This is a question that has often perplexed me, being player of games myself, for one cannot find a dogmatic answer to it, and this is perhaps for the best. We know that we cannot truly imagine what Heaven will be like, and that we have have perfect natural happiness and, of course, our supernatural beatitude, which is the point of this entire endeavor. If there are no games of any sort, then we will still have the infinite glory of gazing on God Himself for all eternity.
Matthew P. Schmidt My BlogAs the title suggests, I just finished the first draft of C&D's sequel. I have been struggling for so long to complete this, and now... IT'S FINALLY DONE!!! What's next? God willing, this: I'm going to give my brain a break from...
I have always been inspired by the story of Fredrick Douglass, a slave who escaped slavery to become a renowned orator and author. His is not the story of a man who was second-rate, shooed into the spotlight only for his relative accomplishments compared to his past. What use would that be? No, he was not merely any random speaker, but Fredrick Douglass, a name that survives to this day in history books, no matter how often it is skimmed over.
A shameless plug for someone else.
I have seen, and admittedly indulged in that fan activity I will call the Fact Checking Game. It goes like this: First, you take some work of fiction, particularly a popular one, and you find some fascinating idea or claim it has. Then you deconstruct it with real world logic, checking all the facts and invariably coming up with an unrealistic or at least implausible conclusion. At this point, bemoaning that the creator did not think of this may commence. As a sequel, you can find some plausible counterpoint, and argue with the proponents of the former conclusion until the cows come home.
This is not, in itself, a bad thing.
No, this is not a post about the culture war. Chill.
This post is about writing other cultures such that they are believable–not as middle-class Westerners wearing funny hats, but as fundamentally different worlds.
This is not a happy-go-lucky post. If this subject matter disturbs you, I suggest reading something else, or perhaps waiting a few days–I plan to blog more frequently in the future.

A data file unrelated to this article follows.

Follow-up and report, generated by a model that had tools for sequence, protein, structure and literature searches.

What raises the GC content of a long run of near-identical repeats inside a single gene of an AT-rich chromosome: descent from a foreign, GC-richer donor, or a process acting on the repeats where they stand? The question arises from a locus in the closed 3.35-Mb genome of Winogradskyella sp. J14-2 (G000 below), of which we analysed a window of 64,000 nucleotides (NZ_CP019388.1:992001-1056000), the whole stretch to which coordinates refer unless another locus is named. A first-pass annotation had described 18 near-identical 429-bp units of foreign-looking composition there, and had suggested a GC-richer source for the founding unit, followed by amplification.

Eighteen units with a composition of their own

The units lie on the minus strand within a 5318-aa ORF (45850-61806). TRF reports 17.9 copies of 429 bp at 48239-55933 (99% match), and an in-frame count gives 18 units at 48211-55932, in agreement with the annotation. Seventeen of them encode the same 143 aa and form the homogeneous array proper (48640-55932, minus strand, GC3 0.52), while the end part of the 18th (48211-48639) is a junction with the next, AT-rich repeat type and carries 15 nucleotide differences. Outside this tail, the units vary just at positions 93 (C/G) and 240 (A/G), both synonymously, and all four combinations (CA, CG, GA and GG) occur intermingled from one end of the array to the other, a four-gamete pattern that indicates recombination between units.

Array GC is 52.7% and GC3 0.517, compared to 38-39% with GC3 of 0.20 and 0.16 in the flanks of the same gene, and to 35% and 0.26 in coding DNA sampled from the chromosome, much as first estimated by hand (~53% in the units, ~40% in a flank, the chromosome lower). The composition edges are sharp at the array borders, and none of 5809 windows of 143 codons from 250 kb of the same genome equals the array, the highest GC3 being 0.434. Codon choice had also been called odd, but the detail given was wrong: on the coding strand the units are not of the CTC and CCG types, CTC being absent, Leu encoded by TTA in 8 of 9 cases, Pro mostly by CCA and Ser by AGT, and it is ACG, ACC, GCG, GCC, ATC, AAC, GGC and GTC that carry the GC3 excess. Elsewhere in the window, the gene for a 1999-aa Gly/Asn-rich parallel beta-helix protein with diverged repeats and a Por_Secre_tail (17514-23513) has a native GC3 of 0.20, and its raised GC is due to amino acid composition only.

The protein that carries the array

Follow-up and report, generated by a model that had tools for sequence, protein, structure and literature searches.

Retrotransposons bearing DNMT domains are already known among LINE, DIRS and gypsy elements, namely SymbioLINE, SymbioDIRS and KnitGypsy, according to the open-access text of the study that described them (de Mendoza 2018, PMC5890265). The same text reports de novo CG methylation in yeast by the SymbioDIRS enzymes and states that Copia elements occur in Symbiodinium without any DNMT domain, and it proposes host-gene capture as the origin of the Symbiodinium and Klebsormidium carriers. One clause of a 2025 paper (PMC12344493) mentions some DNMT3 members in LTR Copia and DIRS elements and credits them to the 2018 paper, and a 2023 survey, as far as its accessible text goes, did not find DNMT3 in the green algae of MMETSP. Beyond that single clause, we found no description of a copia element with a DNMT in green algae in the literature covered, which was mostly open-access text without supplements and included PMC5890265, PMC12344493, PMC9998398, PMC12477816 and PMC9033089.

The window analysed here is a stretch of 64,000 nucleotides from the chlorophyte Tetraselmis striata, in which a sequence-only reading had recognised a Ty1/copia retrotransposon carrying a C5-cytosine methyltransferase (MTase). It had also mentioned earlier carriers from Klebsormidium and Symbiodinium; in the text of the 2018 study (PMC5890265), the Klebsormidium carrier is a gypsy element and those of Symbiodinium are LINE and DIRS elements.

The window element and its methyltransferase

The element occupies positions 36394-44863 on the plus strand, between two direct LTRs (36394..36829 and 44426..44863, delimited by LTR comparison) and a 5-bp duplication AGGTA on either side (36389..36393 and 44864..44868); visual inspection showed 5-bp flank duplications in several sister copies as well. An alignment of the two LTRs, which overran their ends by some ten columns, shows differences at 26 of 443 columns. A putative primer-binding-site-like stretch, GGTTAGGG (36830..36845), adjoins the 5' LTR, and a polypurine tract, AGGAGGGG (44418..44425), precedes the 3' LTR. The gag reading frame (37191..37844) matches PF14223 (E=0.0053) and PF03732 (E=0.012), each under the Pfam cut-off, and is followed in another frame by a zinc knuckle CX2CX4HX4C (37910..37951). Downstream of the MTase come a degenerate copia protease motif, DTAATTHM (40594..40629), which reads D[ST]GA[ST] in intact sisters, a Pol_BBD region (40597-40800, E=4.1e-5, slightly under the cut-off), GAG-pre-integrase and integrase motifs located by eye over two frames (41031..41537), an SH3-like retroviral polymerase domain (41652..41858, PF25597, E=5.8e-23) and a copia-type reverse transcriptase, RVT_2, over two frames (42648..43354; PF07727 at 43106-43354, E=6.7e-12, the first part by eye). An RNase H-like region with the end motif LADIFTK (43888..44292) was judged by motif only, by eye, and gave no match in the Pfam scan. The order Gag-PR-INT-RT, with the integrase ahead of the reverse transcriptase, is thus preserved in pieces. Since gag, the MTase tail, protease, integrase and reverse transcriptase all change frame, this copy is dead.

The taste of the modern public has been, as of late, for dark and “gritty” fiction. Whether or not said fiction actually is is a subject for someone else’s post, but consider: The Hunger Games. Game of Thrones. The Malazan Book of the Fallen. The Witcher. Actually, I could rattle off a whole list of popular, dark, fiction, and invariably most of them are going to contain rape.
I have seen many authors try, and fail, at doing fight scenes. The typical thought–and I say this having thought it myself–is that it’s all about prose and action and explosions and maybe some bad words said at dramatic moments.
This is false.
A new age dawns!
The WIP turned out to be much more of a project than I initially anticipated. I plan to get back to it after C&D2.
How many angels can, in fact, dance on the head of a pin?
The theological equivalent of xkcd's What If? column, if you will. Yet the question, absurd or not, remains.
The Melancholy of Heaven
Are martyrs sad? Standard answer: no. They are in Heaven by definition, and “He will wipe every tear from their eyes.” I agree. Generally.
Lessons Learned from Making Educational Games for Kids
This is the first article in lessons we've learned, starting with the front-end design of the games themselves.
The C-x C-f Writing Method
There comes a time in every writer’s life whereupon they must stand atop the nearest soapbox, milkcrate, or indefinite cubic object to declaim how their style of writing is THE BEST.